• C\Jena-2.5.7\Jena-2.5.7\batgt sparql.bat --query
  • --------------------------------------------------
  • s p

  • lthttp//
    examplefav lthttp//
  • lthttp//
    exampleage "12"
  • lthttp//
    examplename "Blake"
  • lthttp// rdftype
  • lthttp//
    examplefav lthttp//
  • lthttp//
    exampleage "35"
  • lthttp//
    examplename "Jones"
  • lthttp// rdftype
  • lthttp//
    examplefav lthttp//
  • lthttp//
    exampleage "21"
  • lthttp//
    examplename "George"
  • lthttp// rdftype


The magic of ontologies There are many
defintions of ontology, but in very general
terms, an ontology may be thought of as a
taxonomy of objects (or concepts) based on a
particular relationship between pairs of those
objects (or concepts). A common example of a
taxonomy is an evolutionary tree in which
individual species are related on the basis of
evolutionary descent. That is, one species of
each pair connected by an edge descended from the
other. (Actually, its the members of the
species who evolve, but . . .) Within such
structures no member is considered to have
descended from more than one immediate species.
Within an ontology, however, an object or
concept may have more than one immediate
parent, and no circular sub-graphs are allowed,
so the resulting structure is a Directed Acyclic
Graph (DAG). An ontology can be represented by
a special RDF graph It is special in that
the predicates convey transitivity if A is a
descendant of B, and B is a descendant of C, then
A is a descendant of C. IS_A and PART_OF
relationships are commonly used to build

Here is a portion of the GO is_a DAG
(Ashburner, 2004) for molecular function
(example chromatin binding is_a DNA
binding) (Note that this diagram
shows some genes, but the Gene Ontology is
actually a taxonomy of terms that can be used to
describe or annotate genes, rather than a
taxonomy of genes. )
  • Heres the first entry (of the 26K) in the GO
    text version (with all three parts intermixed)
  • Term
  • id GO0000001
  • name mitochondrion inheritance
  • namespace biological_process
  • def "The distribution of mitochondria, including
    the mitochondrial genome, into daughter cells
    after mitosis or meiosis, mediated by
    interactions between mitochondria and the
    cytoskeleton." GOCmcc, PMID10873824,
  • synonym "mitochondrial inheritance" EXACT
  • is_a GO0048308 ! organelle inheritance
  • is_a GO0048311 ! mitochondrion distribution
  • You can also get the GO as RDF XML, or as a MySQL
    database. A portion of the molecular function
    extract on the previous page is shown in RDF XML
    on next page

  • lt?xml version"1.0" encoding"UTF-8"?gt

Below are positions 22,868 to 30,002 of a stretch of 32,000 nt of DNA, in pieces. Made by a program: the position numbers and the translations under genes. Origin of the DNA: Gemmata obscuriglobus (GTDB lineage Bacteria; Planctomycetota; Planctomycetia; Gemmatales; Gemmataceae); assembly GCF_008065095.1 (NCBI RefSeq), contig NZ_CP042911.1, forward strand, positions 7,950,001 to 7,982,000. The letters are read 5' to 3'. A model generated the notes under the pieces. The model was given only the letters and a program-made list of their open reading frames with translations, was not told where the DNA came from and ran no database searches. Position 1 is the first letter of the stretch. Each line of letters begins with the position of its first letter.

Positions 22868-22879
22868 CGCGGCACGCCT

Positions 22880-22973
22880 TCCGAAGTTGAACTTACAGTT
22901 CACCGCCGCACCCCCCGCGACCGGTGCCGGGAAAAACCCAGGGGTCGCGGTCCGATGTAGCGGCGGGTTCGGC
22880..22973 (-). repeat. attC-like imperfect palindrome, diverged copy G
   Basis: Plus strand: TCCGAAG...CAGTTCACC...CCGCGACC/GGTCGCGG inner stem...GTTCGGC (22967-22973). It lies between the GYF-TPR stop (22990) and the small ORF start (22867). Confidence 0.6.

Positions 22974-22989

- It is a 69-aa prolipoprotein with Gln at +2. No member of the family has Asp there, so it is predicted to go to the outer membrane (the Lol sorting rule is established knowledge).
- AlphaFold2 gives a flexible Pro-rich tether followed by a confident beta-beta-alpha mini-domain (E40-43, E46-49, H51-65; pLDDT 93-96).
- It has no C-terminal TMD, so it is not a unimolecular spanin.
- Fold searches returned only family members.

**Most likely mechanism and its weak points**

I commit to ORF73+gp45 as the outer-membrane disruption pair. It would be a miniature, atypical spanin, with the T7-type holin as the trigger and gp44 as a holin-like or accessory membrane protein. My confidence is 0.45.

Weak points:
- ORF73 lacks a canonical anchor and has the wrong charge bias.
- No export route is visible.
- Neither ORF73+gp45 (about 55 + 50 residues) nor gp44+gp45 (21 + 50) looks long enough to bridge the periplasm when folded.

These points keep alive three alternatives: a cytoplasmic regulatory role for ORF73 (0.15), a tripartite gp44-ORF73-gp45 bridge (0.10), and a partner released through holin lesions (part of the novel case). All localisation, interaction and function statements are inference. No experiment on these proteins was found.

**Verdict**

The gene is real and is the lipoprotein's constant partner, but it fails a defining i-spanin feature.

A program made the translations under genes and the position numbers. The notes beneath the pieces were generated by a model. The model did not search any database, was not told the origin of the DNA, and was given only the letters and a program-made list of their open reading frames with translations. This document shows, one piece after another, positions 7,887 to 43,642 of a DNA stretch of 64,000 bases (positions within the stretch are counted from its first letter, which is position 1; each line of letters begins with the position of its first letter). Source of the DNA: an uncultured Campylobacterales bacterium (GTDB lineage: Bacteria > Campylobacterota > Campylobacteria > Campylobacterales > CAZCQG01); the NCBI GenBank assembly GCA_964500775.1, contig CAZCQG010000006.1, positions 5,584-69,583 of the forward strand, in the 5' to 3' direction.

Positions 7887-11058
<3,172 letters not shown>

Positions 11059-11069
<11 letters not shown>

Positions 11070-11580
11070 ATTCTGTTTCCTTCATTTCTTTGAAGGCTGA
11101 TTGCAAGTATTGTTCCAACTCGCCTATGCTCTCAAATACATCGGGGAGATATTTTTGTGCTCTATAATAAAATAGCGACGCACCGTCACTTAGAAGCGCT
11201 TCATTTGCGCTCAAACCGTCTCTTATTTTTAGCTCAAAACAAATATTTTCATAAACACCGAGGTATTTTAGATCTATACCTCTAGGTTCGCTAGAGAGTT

• ltrdfRDF xmlnsrdf"http//
    df-syntax-ns" xmlnsgo"http//www.geneontology.o
  • ltgoterm rdfabout"http//
    goall"gt (Note all is like root.)
  • ltgoaccessiongtalllt/goaccessiongt
  • ltgonamegtalllt/gonamegt
  • ltgodefinitiongtThis term is the most general
    term possiblelt/godefinitiongt
  • lt/gotermgt
  • ltgoterm rdfabout"http//
  • ltgoaccessiongtGO0003674lt/goaccessiongt
  • ltgonamegtmolecular_functionlt/gonamegt
  • ltgosynonymgtGO0005554lt/gosynonymgt
  • ltgosynonymgtmolecular functionlt/gosynonymgt
  • ltgodefinitiongtElemental activities, such as
    catalysis or binding, describing the actions of a
    gene product at the molecular level. A given gene
    product may exhibit one or more molecular
  • ltgois_a rdfresource"http//www.geneontology
    .org/goall" /gt
  • lt/gotermgt
  • lt/rdfRDFgt

  • Find parents of GO0004003 in the example GO
  • PREFIX xsd lthttp//
  • PREFIX rdf lthttp//
  • PREFIX go lthttp//
  • select
  • from lthttp//discern.uits.iu.edu8421/Some-GO-entr
  • diddled.rdfgt
  • where
  • lthttp//
    gois_a parent .
  • Result
  • C\Jena-2.5.7\batgt sparql.bat --query
  • -----------------------------------------------
  • parent

  • Find all 3-element paths up from GO0004003
  • PREFIX go lthttp//
  • select
  • from
  • lthttp//discern.uits.iu.edu8421/Some-GO-entries
  • where
  • lthttp//
    gois_a a .
  • a gois_a b .
  • b gois_a c .
  • Note that given a table showing the GO DAG, you
    can get this result within SQL using multiple
    joins, but you cant find N-element paths in
    either language (unless you use inference within

  • Find all 3-element paths up from GO0004003 using

  • Query dbpedia for entries about Goethe
  • (using Virtuoso iSparql text query)
  • Note that the predicate bifcontains is a
    Virtuoso Built-In Function that searches
    back-end text indexes. It might be possible to
    search using a standard SparQL regex FILTER, but
    it would be much slower.

  • The same query using the iSparql graphical QBE
  • Here is the same query in graphical form as
    constructed using the iSparql QBE interface
  • Components can be dragged-and-dropped from the
    menu at the top of the window. The whole
    interactive window is shown on the next page.

  • The same query within the whole iSparql QBE window

  • Results from the iSparql text and/or QBE queries

  • Possible applications for ontologies
  • Suppose provides a list of 89K
    proteins, their mappings to NCBI Gene IDs, and
    their GO annotations (which it does), and perhaps
    a small subset looks like
  • XXX GO00003682
  • YYY GO00003682
  • ZZZ GO00008026
  • AAA GO00008096
  • And suppose links GO IDs with GO category
    names, which it does,
  • And suppose I have a list of researchers and
    their various areas of interest, like
  • Smith studies gene XXX
  • Jones studies nucleic acid binding
  • etc.
  • Then . . . what kinds of questions can I ask that
    would have been difficult before, like

  • Optional clauses in SparQL queries
  • SparQL has more features than presented so far.